But at last I was able to remove the top cover and I was happy for being careful, because the wires going to the devices are very thin and fragile.

And I also noticed that the right wire was not in the connector. It may have slipped out while I tried to remove the top cover, but It may have been already out of the socket. That leads to a microphone in the body. I guess this is a microphone that tries to get body sounds of the robot that happen when driving and it is used to remove that body sounds from voice commands by subtracting the two audio signals. But that’s just an educated guess. If this was disconnected from the start it would explain why Loona almost never seemed to understand the wake word, but it worked if she stood still.

Here’s another image of the head and body boards.

I then noticed a square rubber thingiemagook on my desk.

That seems to be a cover of one of the head microphones that fell off.

To get to the ear motors you now have to remove some more screws from the lower body casing and from the face on both sides of the robot. See images.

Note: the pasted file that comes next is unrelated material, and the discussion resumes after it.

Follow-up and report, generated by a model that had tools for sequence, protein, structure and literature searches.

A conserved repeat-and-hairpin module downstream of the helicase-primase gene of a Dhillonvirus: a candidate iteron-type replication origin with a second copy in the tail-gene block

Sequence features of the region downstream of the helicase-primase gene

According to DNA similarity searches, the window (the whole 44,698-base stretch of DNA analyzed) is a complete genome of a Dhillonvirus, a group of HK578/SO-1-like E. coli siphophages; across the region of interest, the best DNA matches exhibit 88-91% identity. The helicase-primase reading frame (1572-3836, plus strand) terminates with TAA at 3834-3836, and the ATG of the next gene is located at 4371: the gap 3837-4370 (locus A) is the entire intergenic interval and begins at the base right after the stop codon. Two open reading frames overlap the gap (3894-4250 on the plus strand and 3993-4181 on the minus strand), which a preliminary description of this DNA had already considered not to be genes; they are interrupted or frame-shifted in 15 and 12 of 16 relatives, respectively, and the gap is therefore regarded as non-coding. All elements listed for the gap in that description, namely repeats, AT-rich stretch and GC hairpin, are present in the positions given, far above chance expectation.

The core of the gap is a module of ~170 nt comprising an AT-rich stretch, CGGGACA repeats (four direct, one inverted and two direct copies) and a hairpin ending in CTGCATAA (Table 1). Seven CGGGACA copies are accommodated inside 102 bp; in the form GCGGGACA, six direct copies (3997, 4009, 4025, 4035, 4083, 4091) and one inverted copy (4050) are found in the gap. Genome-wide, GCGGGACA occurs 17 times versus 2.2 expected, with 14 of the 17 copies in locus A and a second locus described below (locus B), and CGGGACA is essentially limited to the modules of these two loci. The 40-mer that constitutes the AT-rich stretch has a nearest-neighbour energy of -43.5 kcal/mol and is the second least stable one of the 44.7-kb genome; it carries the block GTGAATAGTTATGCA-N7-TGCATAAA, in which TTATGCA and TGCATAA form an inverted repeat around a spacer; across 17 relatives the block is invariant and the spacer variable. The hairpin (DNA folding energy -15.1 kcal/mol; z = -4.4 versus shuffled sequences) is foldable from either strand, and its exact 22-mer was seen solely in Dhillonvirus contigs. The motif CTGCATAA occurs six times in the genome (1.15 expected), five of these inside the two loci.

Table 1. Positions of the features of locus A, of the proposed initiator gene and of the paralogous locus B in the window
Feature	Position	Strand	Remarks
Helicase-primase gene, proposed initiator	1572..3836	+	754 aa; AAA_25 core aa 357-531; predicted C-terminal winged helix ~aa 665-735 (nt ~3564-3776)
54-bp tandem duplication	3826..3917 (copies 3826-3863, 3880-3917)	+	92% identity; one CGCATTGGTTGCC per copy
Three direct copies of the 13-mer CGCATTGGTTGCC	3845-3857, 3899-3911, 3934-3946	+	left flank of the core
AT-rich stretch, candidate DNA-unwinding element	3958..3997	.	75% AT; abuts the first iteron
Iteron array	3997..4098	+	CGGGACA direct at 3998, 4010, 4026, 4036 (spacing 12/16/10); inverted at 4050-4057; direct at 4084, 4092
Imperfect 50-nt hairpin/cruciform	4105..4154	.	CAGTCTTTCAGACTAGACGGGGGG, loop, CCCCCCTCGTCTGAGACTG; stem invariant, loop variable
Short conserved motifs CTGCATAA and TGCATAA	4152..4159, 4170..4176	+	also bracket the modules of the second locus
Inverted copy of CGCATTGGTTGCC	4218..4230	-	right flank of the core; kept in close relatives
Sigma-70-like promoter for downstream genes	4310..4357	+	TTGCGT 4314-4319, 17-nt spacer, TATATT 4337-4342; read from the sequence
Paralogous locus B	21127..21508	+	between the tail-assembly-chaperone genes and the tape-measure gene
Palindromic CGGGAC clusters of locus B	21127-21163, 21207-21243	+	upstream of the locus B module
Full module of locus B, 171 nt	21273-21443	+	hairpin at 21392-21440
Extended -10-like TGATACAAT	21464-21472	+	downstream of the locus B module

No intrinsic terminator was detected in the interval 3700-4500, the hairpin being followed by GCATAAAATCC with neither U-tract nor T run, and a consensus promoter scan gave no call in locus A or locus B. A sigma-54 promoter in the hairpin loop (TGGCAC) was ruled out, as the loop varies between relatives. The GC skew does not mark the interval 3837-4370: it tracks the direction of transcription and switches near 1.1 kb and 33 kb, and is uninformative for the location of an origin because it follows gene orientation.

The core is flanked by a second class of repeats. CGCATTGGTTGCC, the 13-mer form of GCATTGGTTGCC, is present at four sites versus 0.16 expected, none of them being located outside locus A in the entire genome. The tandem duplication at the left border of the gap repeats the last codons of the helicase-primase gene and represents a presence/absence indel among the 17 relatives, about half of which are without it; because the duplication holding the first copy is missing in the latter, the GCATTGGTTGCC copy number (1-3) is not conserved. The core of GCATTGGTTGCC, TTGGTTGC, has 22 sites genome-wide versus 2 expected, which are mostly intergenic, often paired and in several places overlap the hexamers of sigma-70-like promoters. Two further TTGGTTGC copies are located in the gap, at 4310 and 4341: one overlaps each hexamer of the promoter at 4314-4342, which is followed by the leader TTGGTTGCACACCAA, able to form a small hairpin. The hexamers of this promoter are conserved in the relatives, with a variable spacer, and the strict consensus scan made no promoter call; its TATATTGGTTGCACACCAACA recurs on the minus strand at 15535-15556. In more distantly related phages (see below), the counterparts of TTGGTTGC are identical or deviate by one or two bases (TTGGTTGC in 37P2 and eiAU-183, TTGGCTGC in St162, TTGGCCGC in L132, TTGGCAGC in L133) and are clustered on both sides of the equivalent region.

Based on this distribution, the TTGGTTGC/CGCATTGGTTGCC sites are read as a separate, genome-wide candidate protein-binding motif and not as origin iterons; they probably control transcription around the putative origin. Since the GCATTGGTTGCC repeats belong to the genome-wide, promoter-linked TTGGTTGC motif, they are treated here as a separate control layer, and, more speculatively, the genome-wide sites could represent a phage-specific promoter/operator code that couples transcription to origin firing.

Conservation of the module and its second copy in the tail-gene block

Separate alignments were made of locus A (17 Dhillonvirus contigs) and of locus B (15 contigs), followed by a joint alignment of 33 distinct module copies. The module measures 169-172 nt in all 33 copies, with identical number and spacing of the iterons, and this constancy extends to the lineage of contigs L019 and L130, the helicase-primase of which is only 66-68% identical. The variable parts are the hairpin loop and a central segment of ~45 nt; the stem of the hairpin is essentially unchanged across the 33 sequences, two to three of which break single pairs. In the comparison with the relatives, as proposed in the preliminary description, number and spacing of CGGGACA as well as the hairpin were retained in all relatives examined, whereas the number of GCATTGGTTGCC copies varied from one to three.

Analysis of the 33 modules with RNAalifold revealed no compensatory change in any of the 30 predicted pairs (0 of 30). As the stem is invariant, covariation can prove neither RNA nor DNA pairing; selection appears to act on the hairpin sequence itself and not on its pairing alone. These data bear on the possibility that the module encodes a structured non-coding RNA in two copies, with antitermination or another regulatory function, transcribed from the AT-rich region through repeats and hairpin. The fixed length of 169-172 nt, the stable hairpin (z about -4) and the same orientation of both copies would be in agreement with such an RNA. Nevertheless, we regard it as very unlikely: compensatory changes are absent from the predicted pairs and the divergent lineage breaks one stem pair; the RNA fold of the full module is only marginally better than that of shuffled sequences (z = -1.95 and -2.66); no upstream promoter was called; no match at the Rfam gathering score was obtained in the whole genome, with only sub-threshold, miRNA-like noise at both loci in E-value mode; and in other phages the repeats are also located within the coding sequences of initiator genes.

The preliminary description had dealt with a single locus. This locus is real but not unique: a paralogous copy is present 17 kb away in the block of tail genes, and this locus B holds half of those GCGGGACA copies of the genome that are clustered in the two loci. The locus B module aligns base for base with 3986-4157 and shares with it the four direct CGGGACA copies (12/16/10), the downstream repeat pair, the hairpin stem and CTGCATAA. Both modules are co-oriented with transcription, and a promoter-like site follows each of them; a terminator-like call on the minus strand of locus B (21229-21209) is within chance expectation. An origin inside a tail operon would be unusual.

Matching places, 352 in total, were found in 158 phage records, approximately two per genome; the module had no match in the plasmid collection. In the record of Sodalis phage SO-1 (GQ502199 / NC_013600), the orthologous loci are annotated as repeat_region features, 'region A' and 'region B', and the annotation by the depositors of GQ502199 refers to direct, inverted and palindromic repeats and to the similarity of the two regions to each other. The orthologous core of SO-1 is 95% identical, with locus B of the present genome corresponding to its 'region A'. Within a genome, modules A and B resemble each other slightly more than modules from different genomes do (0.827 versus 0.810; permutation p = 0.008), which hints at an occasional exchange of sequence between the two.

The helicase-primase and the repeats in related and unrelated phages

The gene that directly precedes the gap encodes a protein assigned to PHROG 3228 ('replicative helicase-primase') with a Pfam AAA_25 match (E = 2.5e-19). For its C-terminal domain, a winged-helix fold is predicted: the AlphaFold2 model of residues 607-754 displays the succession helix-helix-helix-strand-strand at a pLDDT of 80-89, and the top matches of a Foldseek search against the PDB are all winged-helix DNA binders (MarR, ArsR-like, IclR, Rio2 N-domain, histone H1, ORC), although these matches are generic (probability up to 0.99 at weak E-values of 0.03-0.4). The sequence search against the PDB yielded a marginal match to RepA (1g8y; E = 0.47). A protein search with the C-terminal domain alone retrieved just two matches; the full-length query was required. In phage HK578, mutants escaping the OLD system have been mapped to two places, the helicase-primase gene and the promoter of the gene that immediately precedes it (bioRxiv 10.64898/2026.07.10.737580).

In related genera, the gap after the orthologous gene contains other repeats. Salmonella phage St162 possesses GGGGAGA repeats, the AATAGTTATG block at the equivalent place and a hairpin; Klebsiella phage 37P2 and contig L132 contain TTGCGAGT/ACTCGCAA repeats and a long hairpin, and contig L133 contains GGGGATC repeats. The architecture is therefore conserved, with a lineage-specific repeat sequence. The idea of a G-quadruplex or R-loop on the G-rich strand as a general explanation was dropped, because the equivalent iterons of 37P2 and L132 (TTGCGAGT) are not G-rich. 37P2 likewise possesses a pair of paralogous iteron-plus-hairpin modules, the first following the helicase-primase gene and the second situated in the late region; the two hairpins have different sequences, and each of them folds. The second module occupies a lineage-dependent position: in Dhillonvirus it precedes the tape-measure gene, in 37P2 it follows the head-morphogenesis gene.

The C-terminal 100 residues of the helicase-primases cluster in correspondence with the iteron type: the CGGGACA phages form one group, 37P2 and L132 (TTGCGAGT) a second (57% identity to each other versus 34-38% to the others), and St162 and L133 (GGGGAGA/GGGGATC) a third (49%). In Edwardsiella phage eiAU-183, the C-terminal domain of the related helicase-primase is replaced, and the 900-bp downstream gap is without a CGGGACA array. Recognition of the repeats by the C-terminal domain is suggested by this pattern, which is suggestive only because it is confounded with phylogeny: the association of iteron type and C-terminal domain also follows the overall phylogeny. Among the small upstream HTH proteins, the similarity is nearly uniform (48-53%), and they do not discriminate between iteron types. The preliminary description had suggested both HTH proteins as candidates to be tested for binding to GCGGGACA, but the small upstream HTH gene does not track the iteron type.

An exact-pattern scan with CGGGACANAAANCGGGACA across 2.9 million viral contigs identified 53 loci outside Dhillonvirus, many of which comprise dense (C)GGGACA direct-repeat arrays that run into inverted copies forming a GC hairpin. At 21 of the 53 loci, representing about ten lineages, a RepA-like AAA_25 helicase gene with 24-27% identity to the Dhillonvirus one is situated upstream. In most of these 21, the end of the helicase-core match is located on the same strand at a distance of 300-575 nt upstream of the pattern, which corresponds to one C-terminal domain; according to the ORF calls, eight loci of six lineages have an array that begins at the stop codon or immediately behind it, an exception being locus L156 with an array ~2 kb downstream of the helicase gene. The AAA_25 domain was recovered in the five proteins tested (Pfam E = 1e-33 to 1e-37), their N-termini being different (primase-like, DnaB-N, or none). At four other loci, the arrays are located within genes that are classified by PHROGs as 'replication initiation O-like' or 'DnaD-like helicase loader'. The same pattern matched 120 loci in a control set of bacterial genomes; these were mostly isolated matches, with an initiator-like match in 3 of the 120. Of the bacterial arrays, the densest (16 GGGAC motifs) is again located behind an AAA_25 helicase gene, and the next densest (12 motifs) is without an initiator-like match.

The screws shown as “1” are the body screws. You also need to remove the two screws from the actual head motor shown as “2” (and two more, see further below).

And as written above, in the following pictures you see two more screws you need to remove to get the ear with motor out.

You should now unplug the ear motor plugs from the body board. Please note that they are installed at 180 degrees to each other. One red wire is in the back and one is in the front.

You can then carefully remove the ear motors.

You have to loosen the two screws shown in the next image to pull out the motor of the ear unit. Do not unscrew them completely, just loosen them far enough so you are able to pull out the motor. That will need some rotating and bending of the motor but should be doable quite easy. If it is not, loosen the two screws a little more. You may want to use another small screwdriver for this as the screws are tight and the one provided by KEYi in the repair kit basically is a little too small for these screws. One with a tip that was a little bigger worked far better.

The next two images show the removed motor and the empty ear assembly without the motor.

You have to remove the conical cog from the top of the motor you just removed, because that will be put on the new motor. here is the top of the motor without that cogwheel.